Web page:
A couple years back, Max Richter came out of the blue with his The Blue Notebooks album and pretty much knocked me for a loop. A splendid mixture of modern classical and electronic music (plus some spoken word bits from Tilda Swinton), the release easily made my year-end list and was good enough that it made me seek out his more elusive debut album to get a little more background on his artistry. As it turns out, Richter is more than just an accomplished solo artist, having worked with everyone from the Future Sound Of London to Roni Size and even Vashti Bunyan on production and collaboration.
Songs From Before is his latest full length album and it sounds like a very logical sequel to The Blue Notebooks. In fact, it has so much in common with that release that it feels more like the second chapter in a larger over-arching saga, than a large step forward into new territory. The lush string arrangements are back, along with some spoken word bits that filter in (Robert Wyatt reading short passages from Haruki Murakami this time out). If there's any difference, it's that more overt electronics play less of a roll in this recording, although Richter does incorporate more lo-fi electronic touches through the use of shortwave radio noises.
The simply titled "Song" opens the album on a strong note, as some repetitive organ melodies mix with some subtle strings while distant percussion sends deep reverberations through the mix. "Flowers For Yula" opens with some disembodied radio chatter and a few passages from Wyatt before slow swells of strings rise up from the crackling depths and crest without ever getting very loud. "Harmonium" may very well be the most haunting track on the entire release, again starting with a couple evocative sentences from Wyatt before some deep, filtered swirls of what may very well be the title instrument are offset with sparkling bells and chimes. It's a gorgeous track that works wonders at high volumes.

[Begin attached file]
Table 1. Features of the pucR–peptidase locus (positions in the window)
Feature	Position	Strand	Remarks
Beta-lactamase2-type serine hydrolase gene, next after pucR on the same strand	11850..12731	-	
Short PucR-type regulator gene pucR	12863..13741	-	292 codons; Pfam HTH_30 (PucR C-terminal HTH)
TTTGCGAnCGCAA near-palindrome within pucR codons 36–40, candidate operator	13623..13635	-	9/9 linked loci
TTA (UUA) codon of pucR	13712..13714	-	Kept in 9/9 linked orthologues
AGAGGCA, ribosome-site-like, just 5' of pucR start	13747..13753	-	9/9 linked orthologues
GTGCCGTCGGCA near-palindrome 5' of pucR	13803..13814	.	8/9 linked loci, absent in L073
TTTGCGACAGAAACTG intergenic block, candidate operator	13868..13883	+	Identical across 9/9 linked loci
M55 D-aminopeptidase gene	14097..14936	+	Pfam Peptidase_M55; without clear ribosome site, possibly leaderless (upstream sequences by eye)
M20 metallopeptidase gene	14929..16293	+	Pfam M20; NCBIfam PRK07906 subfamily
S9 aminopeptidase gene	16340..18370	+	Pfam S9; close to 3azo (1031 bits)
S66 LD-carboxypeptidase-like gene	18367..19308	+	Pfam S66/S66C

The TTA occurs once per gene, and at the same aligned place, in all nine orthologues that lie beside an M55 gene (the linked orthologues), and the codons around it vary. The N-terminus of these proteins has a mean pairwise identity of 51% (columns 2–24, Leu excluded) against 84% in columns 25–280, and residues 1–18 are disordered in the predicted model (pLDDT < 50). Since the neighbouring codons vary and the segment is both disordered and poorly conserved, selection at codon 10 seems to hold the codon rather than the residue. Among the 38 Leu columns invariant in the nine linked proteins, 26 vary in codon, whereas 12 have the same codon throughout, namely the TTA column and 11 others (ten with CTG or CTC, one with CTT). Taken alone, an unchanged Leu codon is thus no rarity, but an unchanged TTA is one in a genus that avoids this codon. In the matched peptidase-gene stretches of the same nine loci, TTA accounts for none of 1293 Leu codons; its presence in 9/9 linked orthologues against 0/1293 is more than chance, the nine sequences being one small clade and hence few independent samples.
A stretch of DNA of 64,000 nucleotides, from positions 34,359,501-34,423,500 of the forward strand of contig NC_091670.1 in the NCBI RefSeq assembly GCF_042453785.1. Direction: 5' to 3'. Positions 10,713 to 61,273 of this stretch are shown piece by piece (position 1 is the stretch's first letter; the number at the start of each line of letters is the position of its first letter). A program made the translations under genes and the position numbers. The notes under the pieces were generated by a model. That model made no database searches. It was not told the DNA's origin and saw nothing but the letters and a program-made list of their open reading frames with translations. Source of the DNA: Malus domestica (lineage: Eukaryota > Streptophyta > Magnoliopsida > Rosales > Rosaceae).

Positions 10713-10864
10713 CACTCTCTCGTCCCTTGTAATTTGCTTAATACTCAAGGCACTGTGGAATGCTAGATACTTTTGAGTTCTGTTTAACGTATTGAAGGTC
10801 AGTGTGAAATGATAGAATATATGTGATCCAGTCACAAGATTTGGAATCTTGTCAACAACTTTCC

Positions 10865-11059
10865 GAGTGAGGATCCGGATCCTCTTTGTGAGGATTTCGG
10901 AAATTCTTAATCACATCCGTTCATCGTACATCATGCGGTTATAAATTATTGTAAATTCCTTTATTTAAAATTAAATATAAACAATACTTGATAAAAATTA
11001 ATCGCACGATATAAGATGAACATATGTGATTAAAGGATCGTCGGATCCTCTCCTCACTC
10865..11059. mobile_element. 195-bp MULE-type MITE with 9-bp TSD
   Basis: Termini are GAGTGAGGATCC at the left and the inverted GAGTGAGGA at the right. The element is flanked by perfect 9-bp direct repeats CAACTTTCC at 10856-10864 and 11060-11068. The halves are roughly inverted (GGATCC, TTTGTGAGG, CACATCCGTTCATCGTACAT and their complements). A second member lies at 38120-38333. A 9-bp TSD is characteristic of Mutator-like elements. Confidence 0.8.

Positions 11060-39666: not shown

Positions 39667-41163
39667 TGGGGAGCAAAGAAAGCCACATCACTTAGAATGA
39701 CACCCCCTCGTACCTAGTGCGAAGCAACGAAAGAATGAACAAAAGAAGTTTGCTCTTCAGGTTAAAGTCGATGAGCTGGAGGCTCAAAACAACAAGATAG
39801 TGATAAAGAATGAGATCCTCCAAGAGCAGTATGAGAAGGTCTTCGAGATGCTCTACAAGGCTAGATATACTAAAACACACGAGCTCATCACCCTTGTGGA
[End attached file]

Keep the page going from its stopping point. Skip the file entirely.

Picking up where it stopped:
The latter two-thirds of the album is a bit more spotty, and after listening to the release a bunch of times, I still have a hard time pin-pointing why. There are a lot of shorter tracks (like "Ionosphere" and "Lullaby") that add nothing to the release, while a familiar melodic theme is used in "Autumn Music 1," "Autumn Music 2," and the album closer of "From The Rue Vilin." Considering Songs From Before is only about thirty-seven minutes long, it's probably safe to say that the effort suffers a bit from being really good on the front end and then not offering up as much in variety from there out. Richter is still a heck of a composer, and the twelve-track release is always pretty at the very least, but unfortunately it seems like a slight step backwards considering his previous album.